More than 34,000 people have signed a petition to Medvedev on a popular Irkutsk Internet news site alone, and late last month, hundreds of people in Irkutsk braved the Siberian winter to protest Putin's decree.
As environmental groups across Russia raised the alarm, Irkutsk police raided Baikal Environmental Wave, a local environmental group that protested Putin's decree, on suspicion that it was using pirated computer software. No one believed that, however.
"Two of the four policemen were from the Center for Fighting Extremism," the group said. "They had a camera and asked us provocative questions, for example, 'Do you participate in anti-government demonstrations?' As they took a photograph of our student volunteer's identification card, they told her that her career was over."
Putin's new amendments to the Law on Lake Baikal allow the production of cellulose, paper and carton without a closed wastewater system, as well as the storage and burning of waste on Baikal's shores.
Environmentalists say the mill, built in 1966 and closed in 2008, shouldn't be allowed to resume operations without an independent investigation of the existing conditions, and they point to the fact that two years ago the mill was at the epicenter of a strong earthquake.
Former workers report that because the owner didn't invest in maintenance and repair, the mill's equipment is dangerously worn out. Even a pro-mill representative of the Baikalsk city council who came to a news conference organized by local environmentalists described the mill as "a house that needs to be torn down that someone just decided to put siding on."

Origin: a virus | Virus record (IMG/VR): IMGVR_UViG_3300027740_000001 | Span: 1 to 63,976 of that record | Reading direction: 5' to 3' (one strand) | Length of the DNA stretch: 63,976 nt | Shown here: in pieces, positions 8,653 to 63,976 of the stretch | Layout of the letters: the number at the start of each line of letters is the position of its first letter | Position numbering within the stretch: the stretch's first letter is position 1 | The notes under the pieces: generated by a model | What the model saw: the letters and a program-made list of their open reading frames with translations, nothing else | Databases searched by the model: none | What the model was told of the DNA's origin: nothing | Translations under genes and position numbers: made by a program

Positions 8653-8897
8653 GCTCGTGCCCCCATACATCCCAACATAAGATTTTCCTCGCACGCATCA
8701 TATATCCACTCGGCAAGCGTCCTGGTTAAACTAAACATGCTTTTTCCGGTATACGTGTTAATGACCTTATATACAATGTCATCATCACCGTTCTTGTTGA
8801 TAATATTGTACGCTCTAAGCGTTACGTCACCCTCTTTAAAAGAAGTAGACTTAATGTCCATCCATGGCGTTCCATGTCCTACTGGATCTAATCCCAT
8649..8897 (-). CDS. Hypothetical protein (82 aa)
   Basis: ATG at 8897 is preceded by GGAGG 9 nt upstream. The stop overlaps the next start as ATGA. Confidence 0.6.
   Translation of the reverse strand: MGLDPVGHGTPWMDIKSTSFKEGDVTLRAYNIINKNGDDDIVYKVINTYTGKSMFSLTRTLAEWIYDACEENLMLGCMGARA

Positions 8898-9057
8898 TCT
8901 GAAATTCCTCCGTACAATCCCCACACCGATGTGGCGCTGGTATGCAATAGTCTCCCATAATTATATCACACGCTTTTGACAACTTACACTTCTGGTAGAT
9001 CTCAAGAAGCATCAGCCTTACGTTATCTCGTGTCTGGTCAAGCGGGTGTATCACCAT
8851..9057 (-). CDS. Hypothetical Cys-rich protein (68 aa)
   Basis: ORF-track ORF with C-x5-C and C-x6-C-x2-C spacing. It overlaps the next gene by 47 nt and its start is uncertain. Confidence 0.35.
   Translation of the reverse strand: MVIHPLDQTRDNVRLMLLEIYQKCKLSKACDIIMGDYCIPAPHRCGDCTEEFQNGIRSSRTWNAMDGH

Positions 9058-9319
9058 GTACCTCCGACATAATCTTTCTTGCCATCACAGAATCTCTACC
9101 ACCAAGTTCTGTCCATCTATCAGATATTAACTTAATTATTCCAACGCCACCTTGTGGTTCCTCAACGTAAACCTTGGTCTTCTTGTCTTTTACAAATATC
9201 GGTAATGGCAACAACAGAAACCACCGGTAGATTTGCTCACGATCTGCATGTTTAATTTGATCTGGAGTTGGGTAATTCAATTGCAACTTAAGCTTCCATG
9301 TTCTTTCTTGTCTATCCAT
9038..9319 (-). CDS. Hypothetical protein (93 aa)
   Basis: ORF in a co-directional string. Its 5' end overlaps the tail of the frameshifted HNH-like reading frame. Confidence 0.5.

The current director of BPPM said the enterprise would be "even more environmentally sound in the future than it was in the past." The mill's owners, however, recently admitted that the closed wastewater system never functioned properly, and said they'd need another three years to upgrade it.
The workers' trade union, however, reports that the mill is signing contracts for only three to seven months of work, and critics say Putin acted mainly to give more budget money to Deripaska and to give him a chance to sell the mill.
"I am sure that the mill will never work," said Vladimir Naumov, the president of a local investment fund and the founder of a charity fund called Baikal 3000. "Otherwise they can write off Siberia and Baikal entirely, because no one lives here, and no one cares."
(Elena Agarkova was born in Moscow, received her bachelor's degree in political science from Barnard College and graduated from the Georgetown University Law Center in 2001. She was a Legal Fellow at the Berman Environmental Law Clinic at the University of Washington School of Law. She clerked for Judge Cynthia M. Rufe of the U.S. District Court in Philadelphia, and practiced commercial litigation at the New York office of Milbank, Tweed, Hadley & McCloy LLP. The Institute of Current World Affairs provides promising individuals with an opportunity to develop a deep understanding of an issue, country, or region outside the United States and to share that understanding with a wider public.)